Blephex – Healthy lids for life!
Blephex is the painless procedure carried out by your eye care professional. It is most beneficial for anyone suffering from:
- Dry Eye Disease
- Contact Lens Discomfort
- Meibomium Gland Dysfunction
What will a Blephex treatment do?
When the surface of the eye is drier than normal, the eyelids move across it and pick up debris and bacteria which haven’t been washed away. Much like windscreen wipers on a dry windscreen. Debris builds up on the eyelids over weeks, hardening and forming a layer similar to plaque on teeth. The debris blocks the oil glands, allowing bacteria and Demodex mites to thrive in the area and cause further complications.
During a Blephex procedure, a soft, medical grade sponge is moved across the eyelids. Whilst it spins to effectively remove debris and bacteria that have caused blockages of the glands around the eyelids. Similar to a dental hygienist removing plaque, Blephex gently unblocks the oil glands, effectively removing the debris for clean, clear and comfortable eyes.
We offer the following options to access our specialist dry eye clinics…
Dry eye management tends to be an ongoing commitment with regular review and treatment needed. In addition, various products are required to help manage dry eye, such as lubricants and special lid cleaners. Here at Focus Medical Eye Centre we have broken down the clinical fees and product fees into manageable monthly amounts to help spread the costs throughout the year.
Fee Plan and Products
£15.00 a month Direct Debit includes a full dry eye assessment* and treatment plan including 6 monthly reviews and 6 monthly Blephex treatment.
*Year 1 full eyeplan covers initial assessment, 1 month follow up, 5 month first review and 6 monthly review thereafter.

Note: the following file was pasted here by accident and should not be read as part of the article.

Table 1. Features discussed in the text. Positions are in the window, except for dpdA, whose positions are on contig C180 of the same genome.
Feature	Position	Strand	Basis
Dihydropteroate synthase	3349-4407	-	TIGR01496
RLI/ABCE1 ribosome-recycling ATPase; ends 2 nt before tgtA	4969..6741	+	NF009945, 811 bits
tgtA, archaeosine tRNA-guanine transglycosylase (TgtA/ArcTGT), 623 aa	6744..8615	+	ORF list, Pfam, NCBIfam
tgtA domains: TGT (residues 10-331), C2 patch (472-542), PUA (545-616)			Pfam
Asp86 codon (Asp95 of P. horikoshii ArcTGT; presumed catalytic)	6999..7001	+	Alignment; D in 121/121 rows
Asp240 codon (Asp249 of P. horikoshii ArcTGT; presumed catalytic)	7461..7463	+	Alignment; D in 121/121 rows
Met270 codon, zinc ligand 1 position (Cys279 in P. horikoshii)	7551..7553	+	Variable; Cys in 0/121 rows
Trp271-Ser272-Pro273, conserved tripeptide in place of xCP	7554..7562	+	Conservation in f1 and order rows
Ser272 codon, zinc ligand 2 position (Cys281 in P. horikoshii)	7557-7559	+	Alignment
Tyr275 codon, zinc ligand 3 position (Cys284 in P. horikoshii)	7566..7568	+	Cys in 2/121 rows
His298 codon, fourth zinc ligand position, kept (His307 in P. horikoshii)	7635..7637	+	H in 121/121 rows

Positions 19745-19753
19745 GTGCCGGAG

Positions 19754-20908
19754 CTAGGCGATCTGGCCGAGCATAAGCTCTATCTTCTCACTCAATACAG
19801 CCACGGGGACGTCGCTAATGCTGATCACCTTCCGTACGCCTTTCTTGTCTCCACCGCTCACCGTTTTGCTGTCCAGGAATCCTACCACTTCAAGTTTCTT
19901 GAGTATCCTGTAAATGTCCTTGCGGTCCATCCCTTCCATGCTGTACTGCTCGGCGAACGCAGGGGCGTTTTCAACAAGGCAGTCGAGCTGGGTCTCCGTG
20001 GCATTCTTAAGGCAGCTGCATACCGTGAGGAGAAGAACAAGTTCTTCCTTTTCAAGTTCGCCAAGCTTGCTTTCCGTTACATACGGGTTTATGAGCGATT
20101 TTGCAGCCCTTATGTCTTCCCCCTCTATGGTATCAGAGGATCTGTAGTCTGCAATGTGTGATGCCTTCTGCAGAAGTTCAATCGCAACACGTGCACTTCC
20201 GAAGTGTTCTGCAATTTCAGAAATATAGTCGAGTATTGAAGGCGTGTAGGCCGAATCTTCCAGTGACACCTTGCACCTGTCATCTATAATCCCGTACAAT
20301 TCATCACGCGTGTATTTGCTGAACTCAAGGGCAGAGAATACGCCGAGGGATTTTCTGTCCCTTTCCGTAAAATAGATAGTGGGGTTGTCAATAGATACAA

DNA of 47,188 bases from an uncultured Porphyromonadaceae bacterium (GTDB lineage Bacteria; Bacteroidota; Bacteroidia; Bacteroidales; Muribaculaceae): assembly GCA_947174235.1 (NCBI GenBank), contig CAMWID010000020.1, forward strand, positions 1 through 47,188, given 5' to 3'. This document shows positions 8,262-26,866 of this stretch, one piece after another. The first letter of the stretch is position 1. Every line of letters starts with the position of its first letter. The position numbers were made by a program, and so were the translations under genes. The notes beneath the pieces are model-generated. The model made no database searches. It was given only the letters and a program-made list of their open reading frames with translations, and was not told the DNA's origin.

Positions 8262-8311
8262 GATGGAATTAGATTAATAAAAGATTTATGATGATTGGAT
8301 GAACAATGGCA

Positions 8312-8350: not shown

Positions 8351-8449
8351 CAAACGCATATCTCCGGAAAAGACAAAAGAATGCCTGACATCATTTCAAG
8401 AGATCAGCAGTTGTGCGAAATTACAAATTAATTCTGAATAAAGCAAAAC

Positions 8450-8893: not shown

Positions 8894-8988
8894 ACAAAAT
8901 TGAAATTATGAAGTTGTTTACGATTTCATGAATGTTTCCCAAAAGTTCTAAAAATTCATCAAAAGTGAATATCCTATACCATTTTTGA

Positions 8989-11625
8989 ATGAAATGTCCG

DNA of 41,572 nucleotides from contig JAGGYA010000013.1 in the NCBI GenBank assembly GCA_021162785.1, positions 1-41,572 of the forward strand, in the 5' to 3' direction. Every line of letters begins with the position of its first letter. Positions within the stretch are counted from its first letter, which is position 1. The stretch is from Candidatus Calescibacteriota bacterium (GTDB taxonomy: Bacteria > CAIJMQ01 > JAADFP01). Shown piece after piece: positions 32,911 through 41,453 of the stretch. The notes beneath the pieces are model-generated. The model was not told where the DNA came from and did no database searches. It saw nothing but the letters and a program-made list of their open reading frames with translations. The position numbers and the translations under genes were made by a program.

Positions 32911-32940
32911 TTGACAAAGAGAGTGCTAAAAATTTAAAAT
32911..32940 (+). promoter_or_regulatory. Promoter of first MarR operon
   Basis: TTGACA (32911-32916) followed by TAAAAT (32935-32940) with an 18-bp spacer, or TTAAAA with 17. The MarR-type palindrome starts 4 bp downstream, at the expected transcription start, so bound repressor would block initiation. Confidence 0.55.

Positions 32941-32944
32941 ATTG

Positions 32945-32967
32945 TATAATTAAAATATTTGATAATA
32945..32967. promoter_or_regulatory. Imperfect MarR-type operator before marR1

£19.00 a month Direct Debit includes 1 product every 3 months i.e. Thealoz Duo eye drops. This gives up to a 15% saving compared to the normal retail price.
£22.00 a month Direct Debit includes 2 products every 3 months i.e. Thealoz Duo eye drops plus lidcare wipes.
Pay As You Go
A full dry eye assessment with treatment and management plans costs £110.00. This includes 1 Blephex treatment and 1 follow up appointment. Subsequent follow ups are charged at £50.00 per consultation and Blephex is £60.00 per treatment.
What are the causes of dry eye?
Dry eye occurs when the eye does not produce tears properly. Or when the tears are not of the correct consistency and evaporate too quickly. This leads to the eye drying out, becoming red or swollen with irritation.
Some people can also have episodes of ‘watery eye’ in which the eye over produces tears in response to the irritation caused by the dry eye.
Inflammation of the surface of the eye may occur along with dry eye. If left untreated, this condition can lead to pain, ulcers, or scars on the cornea, and some loss of vision. However, permanent loss of vision from dry eye is uncommon.
A failure to produce enough tears is called an Aqueous Deficiency and a failure to stop the tears evaporating too quickly is called Evaporative Dry Eye. The glands that produce the oily part of the tear film are generally affected here.
Causes may include the following:
- The natural aging process, especially during menopause
- Side effects of certain medications such as antihistamines and birth control pills
- Diseases that affect the quality and ability to make tears such as Sjorgens syndrome, collagen vascular diseases, thyroid eye disease and rheumatoid arthritis
- Structural problems with the eyes that don’t allow them to close properly or a problem with the tear ducts. This can be caused by cosmetic surgery
- Environmental factors such as strong winds and heating
- Inflammation of the surface of the eye such as Meibomian Gland Dysfunction (Fig 1&2) and Blepharitis (Fig 3)
What are the symptoms of dry eye?
Dry eye symptoms may include any of the following:
- Stinging or burning of the eye
- A sandy or gritty feeling as if something is in the eye
- Episodes of excess tears following very dry eye periods
- A stringy discharge from the eye
- Pain and redness of the eye
- Episodes of blurred vision
- Heavy eyelids
- Inability to cry when emotionally stressed
- Uncomfortable contact lenses
- Decreased tolerance of reading, working on the computer, or any activity that requires sustained visual attention
- Eye fatigue